In the impending disaster that is I, Frankenstein (sorry, Aaron Eckhart), the title monster is taken to the near future, where he battles gargoyles and tries to prevent the apocalypse... or something. The trailer earns chuckles and grimaces from both casual and seasoned filmgoers alike because they know one thing: that scarred action hero engaging in all kinds of CGI derring-do isn't Frankenstein's monster. We know Frankenstein and that is no Frankenstein.
Well, at least people think they know the story of Dr. Frankenstein and his monstrous creation.
They know the mad, raving doctor with his lab in the castle on the top of a mountain. They know his hunchbacked assistant. They know the monster himself, a mute, awkward and violent thing with bolts protruding from his neck. They know that Frankenstein later builds his creation a bride. They know this because it is the popular image of the Frankenstein story.
But it couldn't be more different from what author Mary Shelley wrote in the original novel of Frankenstein in 1818. In fact, the vast majority of Frankenstein movies stray so far from the original text that you can't help but think the original book must be a tough nut to crack. It must be too dense or complicated. It must not be very cinematic. It must look like a lousy movie as written. And yet that couldn't be further from the truth. As written, Shelley's original Frankenstein remains as chilling as ever, its sprawling narrative more fit for the movies than any of the so-called adaptations that strayed from the material. For some reason, Frankenstein movies seem to have routinely rejected the book that created the character in the first place, ignoring a version of the story that's better than any of the character's countless reinventions.
This may sound blasphemous to fans of classic horror cinema, but the iconic take on Frankenstein that we've been watching for decades is just as much a bastardization as I, Frankenstein is.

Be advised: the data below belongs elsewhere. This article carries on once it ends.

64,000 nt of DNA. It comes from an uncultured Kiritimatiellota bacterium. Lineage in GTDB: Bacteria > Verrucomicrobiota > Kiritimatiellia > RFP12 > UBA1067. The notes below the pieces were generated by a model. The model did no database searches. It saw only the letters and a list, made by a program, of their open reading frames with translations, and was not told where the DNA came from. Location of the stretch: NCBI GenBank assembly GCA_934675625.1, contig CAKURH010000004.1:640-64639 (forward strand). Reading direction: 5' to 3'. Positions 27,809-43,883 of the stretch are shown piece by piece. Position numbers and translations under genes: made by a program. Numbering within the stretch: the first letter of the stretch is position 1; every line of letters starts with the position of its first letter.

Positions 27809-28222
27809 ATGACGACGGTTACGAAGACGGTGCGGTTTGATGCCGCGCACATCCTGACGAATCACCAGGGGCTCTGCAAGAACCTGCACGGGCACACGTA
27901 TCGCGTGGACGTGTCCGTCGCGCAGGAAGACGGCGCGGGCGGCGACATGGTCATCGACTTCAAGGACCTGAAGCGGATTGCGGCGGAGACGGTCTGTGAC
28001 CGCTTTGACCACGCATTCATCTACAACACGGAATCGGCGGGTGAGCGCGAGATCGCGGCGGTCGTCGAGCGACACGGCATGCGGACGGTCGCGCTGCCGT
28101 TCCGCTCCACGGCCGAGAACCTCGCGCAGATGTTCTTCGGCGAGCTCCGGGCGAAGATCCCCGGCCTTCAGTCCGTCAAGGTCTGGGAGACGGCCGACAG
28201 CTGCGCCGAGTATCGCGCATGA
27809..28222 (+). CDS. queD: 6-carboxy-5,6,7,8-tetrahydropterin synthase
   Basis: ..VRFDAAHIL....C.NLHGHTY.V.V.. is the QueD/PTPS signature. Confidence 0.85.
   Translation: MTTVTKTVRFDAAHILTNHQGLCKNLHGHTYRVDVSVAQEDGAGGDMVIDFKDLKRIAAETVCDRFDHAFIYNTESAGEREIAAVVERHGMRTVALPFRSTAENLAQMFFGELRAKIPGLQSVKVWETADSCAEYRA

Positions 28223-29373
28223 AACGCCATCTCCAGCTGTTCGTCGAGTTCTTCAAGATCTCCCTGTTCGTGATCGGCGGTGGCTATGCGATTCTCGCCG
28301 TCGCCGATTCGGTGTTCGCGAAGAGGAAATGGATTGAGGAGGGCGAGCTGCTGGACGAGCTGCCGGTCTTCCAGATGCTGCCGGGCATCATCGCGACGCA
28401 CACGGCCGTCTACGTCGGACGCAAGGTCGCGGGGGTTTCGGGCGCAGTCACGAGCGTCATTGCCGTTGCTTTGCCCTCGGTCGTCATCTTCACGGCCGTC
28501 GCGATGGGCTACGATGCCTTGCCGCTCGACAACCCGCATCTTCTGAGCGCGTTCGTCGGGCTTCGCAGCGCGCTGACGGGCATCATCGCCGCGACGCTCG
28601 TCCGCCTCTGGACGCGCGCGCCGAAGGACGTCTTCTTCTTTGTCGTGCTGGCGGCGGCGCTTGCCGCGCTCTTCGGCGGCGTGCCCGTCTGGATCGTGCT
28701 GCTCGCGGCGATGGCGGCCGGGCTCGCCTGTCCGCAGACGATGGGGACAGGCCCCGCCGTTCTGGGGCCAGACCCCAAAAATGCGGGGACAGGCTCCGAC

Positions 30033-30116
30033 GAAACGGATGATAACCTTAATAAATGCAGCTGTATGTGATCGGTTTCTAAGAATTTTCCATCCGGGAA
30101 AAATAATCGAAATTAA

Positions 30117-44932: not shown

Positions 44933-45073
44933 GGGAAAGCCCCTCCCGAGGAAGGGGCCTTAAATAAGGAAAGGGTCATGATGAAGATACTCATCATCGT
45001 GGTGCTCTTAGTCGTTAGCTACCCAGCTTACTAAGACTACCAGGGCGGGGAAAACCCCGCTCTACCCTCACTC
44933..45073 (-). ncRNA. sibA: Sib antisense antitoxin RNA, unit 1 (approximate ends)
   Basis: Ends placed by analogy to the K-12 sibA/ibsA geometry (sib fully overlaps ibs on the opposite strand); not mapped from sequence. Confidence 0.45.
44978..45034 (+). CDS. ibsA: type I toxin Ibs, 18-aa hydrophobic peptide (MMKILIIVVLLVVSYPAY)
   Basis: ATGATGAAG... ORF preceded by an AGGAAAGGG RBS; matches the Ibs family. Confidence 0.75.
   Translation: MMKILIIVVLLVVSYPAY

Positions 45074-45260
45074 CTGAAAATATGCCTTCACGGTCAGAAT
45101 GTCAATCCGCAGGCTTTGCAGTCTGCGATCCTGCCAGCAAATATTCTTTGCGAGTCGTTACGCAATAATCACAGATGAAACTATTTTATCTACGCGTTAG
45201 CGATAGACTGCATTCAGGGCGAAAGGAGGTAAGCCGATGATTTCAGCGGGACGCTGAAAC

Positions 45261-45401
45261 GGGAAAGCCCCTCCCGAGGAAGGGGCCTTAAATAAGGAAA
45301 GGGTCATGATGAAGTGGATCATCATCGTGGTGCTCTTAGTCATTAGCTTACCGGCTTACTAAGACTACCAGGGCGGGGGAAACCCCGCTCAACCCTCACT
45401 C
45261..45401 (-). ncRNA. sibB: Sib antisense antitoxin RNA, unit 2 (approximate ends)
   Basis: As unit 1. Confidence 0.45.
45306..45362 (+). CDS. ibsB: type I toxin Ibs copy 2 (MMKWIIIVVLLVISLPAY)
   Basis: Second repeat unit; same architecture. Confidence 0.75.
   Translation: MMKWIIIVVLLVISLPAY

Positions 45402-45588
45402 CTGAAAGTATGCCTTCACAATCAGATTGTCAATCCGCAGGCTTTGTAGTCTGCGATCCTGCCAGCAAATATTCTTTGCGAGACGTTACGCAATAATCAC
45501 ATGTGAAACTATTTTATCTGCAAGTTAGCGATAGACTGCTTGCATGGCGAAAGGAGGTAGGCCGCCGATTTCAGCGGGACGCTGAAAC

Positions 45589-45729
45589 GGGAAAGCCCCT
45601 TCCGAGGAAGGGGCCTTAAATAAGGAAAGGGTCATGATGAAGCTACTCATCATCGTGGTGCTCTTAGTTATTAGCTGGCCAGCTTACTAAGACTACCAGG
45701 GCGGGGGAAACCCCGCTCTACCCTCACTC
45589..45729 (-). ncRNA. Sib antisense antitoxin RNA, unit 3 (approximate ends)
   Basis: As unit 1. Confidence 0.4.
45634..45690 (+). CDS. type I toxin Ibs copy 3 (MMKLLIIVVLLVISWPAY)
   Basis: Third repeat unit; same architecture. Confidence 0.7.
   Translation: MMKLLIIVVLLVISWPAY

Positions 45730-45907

So, how did the common version of the Frankenstein story come to pass? We can trace all of the cliches -- Lightning storm! Hunchback! -- to Universal's 1931 adaptation, but it cannot be solely blamed for throwing away Shelley's work (nor should it, since it's still pretty fantastic). The real blame can be thrust upon the stage version of the book that the film was based on... which was, itself, based on another stage play which was only loosely based on the book. As you can imagine, the finer points of the story were lost in translation over the course of 100 years.
But here's the important thing: Universal's Frankenstein was a huge, massive hit and its effect can still be felt in horror cinema today. It has been rereleased countless times. It has been a television staple for decades. Kids still wear Frankenstein costumes during Halloween. The Hollywood version of Frankenstein is an unavoidable cornerstone of culture and we literally grow up knowing the story. Sure, some people get around to reading the original novel in high school or college, but it's always going to be easier to accept the common picture of something than read the excellent-but-dated novel that started it all.
In short, Frankenstein movies tend to ignore the source material because the source material has stopped being the story of Dr. Victor Frankenstein. The original book is so alien to "our" perception of the story that following the book would only generate confusion. It's a sad state of affairs, but your average moviegoer would probably be just as baffled by an "accurate" adaptation than he would be by dreck like I, Frankenstein. An accurate Frankenstein wouldn't be familiar and it probably wouldn't be as instantly popular and it probably wouldn't do the same kind of business. The end.
Although Kenneth Branagh attempted to stick to the source material with 1994's abysmal Mary Shelley's Frankenstein, his own grandiose storytelling decisions completely derail the movie before the third act arrives, abruptly throwing away the book and deciding to indulge in some truly awful Hollywood habits. While that version may have poisoned the well, it's time to try again. Audiences have shown in recent years that they can embrace complicated, morally grey heroes. They have shown a high tolerance for long films that ask big questions in between the set pieces. It may be time to try Frankenstein again and to do it properly. When people think of Frankenstein, they think of a mad scientist and a monster. They should be thinking about a decade-long revenge story about a spurned son dismantling the life of his father, piece by piece. They should be thinking about a story where the creator and the creation are both equally sympathetic and monstrous. They should be thinking about what it is arguably the greatest piece of horror fiction ever written.
Hollywood may have spent nearly a century ignoring the book behind Frankenstein, but in the age of reboots and reinventions, the freshest take of them all would be to go back to the roots.
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